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Extracellular Concentrations of Dopamine and Metabolites in the Rat Caudate After Oral Administration of a Novel Catechol-O-Methyltransferase Inhibitor Ro 40–7592


Address correspondence and reprint requests to Dr. G. Di Chiara, at the Institute of Pharmacology and Experimental Toxicology, University of Cagliari, Viale Diaz 182, 09126 Cagliari, Italy.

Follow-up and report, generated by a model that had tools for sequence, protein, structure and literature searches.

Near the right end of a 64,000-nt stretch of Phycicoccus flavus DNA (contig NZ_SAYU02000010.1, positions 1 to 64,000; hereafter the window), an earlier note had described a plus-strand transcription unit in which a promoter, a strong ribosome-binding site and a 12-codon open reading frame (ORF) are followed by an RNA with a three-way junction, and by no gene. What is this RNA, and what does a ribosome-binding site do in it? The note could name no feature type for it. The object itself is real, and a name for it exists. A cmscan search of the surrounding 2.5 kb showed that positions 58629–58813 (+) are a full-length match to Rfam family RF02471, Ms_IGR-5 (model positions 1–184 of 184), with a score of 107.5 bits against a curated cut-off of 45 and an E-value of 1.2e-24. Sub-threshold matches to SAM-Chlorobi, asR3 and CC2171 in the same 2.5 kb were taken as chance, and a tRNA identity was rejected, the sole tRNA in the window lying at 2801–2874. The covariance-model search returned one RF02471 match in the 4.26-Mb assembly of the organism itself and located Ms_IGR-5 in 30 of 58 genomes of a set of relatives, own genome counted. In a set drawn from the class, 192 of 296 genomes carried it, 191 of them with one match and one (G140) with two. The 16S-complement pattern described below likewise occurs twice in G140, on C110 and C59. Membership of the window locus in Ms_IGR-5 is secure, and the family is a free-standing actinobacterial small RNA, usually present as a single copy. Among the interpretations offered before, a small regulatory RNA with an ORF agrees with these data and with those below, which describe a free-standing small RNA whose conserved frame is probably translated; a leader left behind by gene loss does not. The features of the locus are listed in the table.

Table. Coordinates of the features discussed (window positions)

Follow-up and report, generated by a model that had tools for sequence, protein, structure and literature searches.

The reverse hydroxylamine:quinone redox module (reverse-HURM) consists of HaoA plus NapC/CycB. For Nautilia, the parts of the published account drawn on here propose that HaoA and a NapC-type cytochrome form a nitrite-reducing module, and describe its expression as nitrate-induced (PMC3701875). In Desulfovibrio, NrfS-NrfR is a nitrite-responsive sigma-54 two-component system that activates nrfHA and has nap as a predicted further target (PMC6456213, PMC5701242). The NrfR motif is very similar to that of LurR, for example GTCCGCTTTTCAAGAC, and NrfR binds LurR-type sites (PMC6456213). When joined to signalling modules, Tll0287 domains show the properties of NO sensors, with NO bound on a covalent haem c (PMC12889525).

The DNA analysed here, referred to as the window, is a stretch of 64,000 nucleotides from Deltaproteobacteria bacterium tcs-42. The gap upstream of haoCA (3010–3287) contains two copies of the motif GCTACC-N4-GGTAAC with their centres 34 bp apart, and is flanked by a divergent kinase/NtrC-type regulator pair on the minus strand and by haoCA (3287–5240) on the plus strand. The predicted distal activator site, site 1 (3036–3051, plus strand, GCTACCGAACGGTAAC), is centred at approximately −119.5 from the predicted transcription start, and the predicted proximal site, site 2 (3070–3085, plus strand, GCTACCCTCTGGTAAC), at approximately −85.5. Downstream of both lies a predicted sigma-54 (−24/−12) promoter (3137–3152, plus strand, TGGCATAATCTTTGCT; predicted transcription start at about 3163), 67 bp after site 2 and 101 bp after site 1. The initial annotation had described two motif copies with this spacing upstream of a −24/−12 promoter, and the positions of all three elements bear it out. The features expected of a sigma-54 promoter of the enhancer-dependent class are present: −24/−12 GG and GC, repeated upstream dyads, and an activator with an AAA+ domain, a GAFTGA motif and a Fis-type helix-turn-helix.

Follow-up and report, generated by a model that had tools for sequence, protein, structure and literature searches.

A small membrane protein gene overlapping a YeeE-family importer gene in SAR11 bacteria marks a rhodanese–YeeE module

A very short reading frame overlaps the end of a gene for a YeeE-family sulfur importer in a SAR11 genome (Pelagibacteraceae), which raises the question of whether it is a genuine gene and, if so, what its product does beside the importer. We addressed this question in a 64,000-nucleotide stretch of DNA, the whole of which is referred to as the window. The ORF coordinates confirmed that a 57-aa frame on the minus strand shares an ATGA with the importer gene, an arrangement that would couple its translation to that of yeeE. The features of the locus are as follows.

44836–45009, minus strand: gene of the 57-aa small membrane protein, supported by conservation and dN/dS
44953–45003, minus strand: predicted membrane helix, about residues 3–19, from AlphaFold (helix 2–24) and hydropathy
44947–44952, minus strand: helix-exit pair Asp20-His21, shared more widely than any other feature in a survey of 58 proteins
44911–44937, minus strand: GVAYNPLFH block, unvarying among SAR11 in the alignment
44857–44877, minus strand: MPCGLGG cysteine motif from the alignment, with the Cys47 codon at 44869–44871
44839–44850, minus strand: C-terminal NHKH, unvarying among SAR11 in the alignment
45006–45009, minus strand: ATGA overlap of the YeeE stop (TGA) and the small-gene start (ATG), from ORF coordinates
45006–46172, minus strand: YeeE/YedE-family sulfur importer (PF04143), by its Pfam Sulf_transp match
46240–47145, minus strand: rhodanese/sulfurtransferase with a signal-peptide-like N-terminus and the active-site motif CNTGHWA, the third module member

The effect of the systemic administration of a novel, orally active, catechol-O-methyltransferase (COMT) inhibitor, Ro 40–7592, on the in vivo extracellular concentrations of dopamine (DA) and its metabolites, dihydroxy-phenylacetic acid (DOPAC) and homovanillic acid (HVA), was studied by transcerebral microdialysis in the dorsal caudate of freely moving rats. Ro 40–7592 (at doses of 3.0, 7.5, and 30 mg/kg p.o.) elicited a marked and long-lasting reduction of HVA, and at doses of 7.5 and 30 mg/kg, an increase of DOPAC output, but it failed to increase DA output. The administration of L-β-3,4-dihydroxyphenylalanine (L-DOPA, 20 and 50 mg/kg p.o.) with a DOPA decarboxylase inhibitor (benserazide) increased both HVA and DOPAC output, but failed to modify significantly extracellular DA concentrations in dialysates; in contrast, combined administration of L-DOPA + benserazide with Ro 40–7592 (30 mg/ kg p.o.) resulted in a significant increase in DA output. Ro 40–7592 prevented the L-DOPA-induced increase in HVA output and markedly potentiated the increase in DOPAC output. To investigate to what extent the increase in extra cellular DA concentrations was related to an exocitotic release, tetrodotoxin (TTX) sensitivity was tested. Addition of TTX to Ringer, although abolishing DA output in the absence of L-DOPA, partially reduced it in the presence of L-DOPA + Ro 40–7592 and even more so after L-DOPA without the COMT inhibitor. The results of the present study suggest that metabolism through COMT regulates extracellular concentrations of DA formed from exogenously administered L-DOPA but not of endogenous DA. Therefore, inhibition of COMT results in a potentiation of L-DOPA effects not only by inhibition of its peripheral metabolism (conversion to 3-methoxy-DOPA), but also by inhibition of the metabolism of its active metabolite, DA, in the brain.